Native Americans need protection from COVID

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Native Americans need protection from COVID

Native Americans have centuries of experience with pandemics. Before Columbus, native peoples were remarkably healthy. Native Americans shared food with all in the village and cared for each other.

Diseases were minimal in part because Native Americans lacked domestic animals that were vectors for smallpox, measles, bubonic plague, and influenza. Before Columbus, there were an estimated 18 million people in what is now the United States. With the arrival of Europeans, diseases were carried forward along trade routes (which later became the interstate highways) that wiped out 30 to 70 percent of the Native population even before settlers arrived. By 1890, the time of the Wounded Knee Massacre, our Native population had been devastated, falling to 250,000 people due to disease and warfare.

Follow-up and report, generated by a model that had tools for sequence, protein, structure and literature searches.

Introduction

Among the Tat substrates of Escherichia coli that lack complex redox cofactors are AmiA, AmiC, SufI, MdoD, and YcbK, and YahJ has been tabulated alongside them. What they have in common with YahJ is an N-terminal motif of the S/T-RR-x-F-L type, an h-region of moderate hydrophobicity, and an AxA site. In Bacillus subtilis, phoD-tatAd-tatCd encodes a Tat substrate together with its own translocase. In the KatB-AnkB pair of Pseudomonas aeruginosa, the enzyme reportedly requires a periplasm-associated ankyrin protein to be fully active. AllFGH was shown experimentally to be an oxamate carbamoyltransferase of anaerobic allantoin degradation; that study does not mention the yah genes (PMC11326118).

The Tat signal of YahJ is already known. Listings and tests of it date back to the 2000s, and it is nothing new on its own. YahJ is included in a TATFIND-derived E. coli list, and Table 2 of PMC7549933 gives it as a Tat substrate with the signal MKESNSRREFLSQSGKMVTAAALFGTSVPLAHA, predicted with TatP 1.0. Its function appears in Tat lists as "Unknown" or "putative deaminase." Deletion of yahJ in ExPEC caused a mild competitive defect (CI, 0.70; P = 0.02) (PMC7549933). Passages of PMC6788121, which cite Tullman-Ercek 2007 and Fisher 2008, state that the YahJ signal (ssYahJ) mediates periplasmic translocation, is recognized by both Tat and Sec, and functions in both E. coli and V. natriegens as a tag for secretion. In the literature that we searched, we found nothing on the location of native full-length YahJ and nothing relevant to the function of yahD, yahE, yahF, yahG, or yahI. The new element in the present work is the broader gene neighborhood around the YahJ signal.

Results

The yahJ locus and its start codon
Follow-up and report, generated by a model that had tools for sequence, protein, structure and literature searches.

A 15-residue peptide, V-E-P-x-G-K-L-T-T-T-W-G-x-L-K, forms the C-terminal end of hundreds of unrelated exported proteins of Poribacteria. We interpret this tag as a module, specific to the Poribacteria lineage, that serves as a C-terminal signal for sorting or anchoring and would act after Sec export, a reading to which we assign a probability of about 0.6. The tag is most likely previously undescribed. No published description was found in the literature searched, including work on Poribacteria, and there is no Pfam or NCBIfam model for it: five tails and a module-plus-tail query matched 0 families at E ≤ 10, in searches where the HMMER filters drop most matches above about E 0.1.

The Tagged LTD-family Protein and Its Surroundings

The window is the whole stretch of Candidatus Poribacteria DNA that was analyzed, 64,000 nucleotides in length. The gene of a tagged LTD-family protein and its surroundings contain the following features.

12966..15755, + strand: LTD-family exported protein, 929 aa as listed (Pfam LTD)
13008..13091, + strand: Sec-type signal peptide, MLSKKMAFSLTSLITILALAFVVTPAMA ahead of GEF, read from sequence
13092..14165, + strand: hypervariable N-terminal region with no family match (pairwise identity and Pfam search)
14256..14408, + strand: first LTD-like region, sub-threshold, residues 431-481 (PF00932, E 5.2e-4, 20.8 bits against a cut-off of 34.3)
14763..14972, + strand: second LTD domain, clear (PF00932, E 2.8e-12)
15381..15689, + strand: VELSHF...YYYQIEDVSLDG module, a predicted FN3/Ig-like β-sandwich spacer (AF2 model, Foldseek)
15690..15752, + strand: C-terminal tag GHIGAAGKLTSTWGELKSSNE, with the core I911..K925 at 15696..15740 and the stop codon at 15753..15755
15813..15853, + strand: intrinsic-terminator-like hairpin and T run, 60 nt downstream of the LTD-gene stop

The United States sought to displace the French, British, Spanish, and Russians from their traditional trade routes. Recognizing the “inherent” right of Indian nations to self-government and sovereignty, the United States entered treaties promising peace, friendship, commerce, and protection. Indian nations reserved our original rights to sovereignty and self-determination.

 

 

 

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